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Downsville Church of the Brethren marks its 155th with food, fellowship

October 28, 2012|By DAVE McMILLION | julieg@herald-mail.com
  • Sloane Dunn, 2, of Fairplay waits for her grandmother, Lynda Matheny, to fill her plate Sunday as the Downsville Church of the Brethren celebrated its 155th anniversay.
By Joe Crocetta/Staff Photographer

DOWNSVILLE — Kerosene lights hanging from the ceiling, his and hers outhouses and two pot-bellied stoves to provide heat during the winter were among the features Downsville Church of the Brethren parishioners George Stumbaugh and Lila Mae Haywood remembered Sunday as the church celebrated its 155th anniversary.

“We froze on one side and roasted on the other,” said Haywood, 83, of Hagerstown.

The original 1857 church remains part of the current sanctuary, but carpeting now covers the bloodstains that are rumored to be from a Civil War soldier, said Stumbaugh, 80, of Williamsport.

The church was expanded in the mid-1960s, Stumbaugh and Haywood said.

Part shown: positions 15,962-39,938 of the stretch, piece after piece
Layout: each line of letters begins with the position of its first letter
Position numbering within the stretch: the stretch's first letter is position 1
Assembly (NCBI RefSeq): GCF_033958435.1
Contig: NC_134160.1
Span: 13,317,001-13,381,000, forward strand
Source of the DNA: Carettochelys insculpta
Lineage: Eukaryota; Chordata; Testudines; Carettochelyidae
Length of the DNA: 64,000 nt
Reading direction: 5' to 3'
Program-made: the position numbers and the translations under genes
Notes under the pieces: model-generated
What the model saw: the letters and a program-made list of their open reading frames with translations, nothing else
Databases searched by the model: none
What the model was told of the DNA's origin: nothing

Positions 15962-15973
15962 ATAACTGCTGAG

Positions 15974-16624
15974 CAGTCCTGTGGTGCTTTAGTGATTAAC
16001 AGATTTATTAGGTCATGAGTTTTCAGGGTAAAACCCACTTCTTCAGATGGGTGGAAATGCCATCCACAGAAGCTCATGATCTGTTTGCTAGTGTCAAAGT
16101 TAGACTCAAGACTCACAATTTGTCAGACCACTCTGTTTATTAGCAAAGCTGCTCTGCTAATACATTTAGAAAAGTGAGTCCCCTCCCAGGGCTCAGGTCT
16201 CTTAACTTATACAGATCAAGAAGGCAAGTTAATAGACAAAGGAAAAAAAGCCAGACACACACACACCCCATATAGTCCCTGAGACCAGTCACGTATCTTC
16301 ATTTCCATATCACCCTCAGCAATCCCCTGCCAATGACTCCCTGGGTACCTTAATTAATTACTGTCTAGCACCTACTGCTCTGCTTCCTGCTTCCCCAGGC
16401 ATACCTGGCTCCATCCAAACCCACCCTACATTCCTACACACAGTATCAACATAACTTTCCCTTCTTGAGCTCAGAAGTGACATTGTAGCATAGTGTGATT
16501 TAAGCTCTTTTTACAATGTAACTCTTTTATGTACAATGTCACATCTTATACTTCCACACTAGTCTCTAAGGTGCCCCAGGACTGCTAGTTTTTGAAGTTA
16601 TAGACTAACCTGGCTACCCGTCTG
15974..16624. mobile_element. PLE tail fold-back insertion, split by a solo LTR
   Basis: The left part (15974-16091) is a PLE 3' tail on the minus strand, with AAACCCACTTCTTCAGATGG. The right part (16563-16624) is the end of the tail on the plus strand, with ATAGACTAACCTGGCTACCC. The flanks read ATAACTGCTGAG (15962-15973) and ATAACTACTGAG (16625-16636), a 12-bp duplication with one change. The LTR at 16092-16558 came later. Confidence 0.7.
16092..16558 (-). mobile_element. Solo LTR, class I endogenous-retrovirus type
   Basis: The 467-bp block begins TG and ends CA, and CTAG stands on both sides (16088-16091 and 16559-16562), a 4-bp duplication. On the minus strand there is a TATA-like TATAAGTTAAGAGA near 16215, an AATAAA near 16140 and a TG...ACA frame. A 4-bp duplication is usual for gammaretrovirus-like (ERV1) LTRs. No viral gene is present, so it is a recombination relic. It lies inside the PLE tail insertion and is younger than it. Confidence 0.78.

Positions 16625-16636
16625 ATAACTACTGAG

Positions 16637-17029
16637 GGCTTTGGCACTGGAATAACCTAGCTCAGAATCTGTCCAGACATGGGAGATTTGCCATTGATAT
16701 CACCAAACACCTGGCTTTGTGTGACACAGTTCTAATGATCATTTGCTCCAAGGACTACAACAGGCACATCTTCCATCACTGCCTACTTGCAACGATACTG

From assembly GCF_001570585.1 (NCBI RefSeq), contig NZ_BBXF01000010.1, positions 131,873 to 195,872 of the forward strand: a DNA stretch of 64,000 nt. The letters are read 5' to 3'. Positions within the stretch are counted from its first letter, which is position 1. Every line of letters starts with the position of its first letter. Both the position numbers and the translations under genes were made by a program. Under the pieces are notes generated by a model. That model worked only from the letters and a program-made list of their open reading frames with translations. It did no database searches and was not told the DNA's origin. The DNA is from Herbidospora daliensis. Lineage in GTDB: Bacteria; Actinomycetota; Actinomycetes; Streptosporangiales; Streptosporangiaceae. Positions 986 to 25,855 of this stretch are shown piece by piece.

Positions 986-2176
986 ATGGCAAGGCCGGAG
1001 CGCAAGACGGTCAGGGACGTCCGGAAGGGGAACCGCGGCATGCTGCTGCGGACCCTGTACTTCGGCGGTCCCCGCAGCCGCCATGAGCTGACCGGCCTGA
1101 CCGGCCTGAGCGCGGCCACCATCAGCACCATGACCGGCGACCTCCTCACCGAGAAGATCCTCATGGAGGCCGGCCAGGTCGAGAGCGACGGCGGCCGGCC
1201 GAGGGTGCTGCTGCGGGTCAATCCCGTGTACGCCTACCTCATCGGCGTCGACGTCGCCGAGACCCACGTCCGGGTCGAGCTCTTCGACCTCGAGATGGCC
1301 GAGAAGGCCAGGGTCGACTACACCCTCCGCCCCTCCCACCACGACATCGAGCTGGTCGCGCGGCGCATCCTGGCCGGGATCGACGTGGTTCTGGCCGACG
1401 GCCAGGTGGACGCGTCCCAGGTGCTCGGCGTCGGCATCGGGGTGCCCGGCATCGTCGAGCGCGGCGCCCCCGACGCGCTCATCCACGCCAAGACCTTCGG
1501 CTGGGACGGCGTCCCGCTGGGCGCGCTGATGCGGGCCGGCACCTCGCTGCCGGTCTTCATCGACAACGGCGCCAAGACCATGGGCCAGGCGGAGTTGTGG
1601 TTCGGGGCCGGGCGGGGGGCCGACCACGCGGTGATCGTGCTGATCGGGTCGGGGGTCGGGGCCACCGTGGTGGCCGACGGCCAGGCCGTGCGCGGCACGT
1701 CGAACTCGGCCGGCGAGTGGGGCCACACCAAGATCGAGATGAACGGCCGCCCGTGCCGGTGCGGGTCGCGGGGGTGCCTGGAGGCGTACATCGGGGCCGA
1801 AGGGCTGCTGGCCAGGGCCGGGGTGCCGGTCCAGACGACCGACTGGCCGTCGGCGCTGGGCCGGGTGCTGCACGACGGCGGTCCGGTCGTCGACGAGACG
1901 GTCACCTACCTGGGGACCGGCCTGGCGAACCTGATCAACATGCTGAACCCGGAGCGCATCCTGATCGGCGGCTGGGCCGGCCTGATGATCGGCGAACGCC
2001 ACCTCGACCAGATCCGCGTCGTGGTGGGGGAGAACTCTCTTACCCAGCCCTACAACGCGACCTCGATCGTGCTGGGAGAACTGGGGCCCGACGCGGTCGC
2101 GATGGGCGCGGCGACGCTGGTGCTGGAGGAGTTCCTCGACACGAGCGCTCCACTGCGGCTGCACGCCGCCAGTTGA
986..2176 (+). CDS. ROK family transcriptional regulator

A copy of a program for the Sept. 1, 1968, dedication service for the educational annex is in a display case in the church foyer, along with two kerosene lamps.

Nearby, on the bulletin board, are photographs of the original church, the current church and several past pastors.

Parishioner Lynn Bibbee, whose father was a pastor at the church, chaired the Nurture Commission that organized the anniversary celebration. Lila Mae Haywood, Robin Haywood and Kathy Hartle also served on the commission, Bibbee said.

Lila Mae Haywood, Stumbaugh and Ray Kline said they like the sense of family at the church.

“My wife and I were really welcomed at this church as if we’d been here a long time,” said Kline, who joined the church in the late 1980s.

“That’s why I continue to go here. Because they make you feel like family,” Stumbaugh said.

Stumbaugh also recalled fondly the eight-man choir, The Singing Brethren, he belonged to in the early 1970s. The group recorded two records — the vinyl type, he said.

“This church has a lot of wonderful voices,” he said.

Sunday’s celebration included lunch and a performance by The Heavners, a musical group from Harpers Ferry, W.Va., and Cumberland, Md.

The church averages 45 to 50 people in attendance at Sunday services, said Kline, 65, of Downsville. Kline serves as the church’s caretaker.

The church gained property when Nelson Harsh Jr. donated six to eight acres to it, Kline said. The church had been using part of that property already for parking and recreation, he said.

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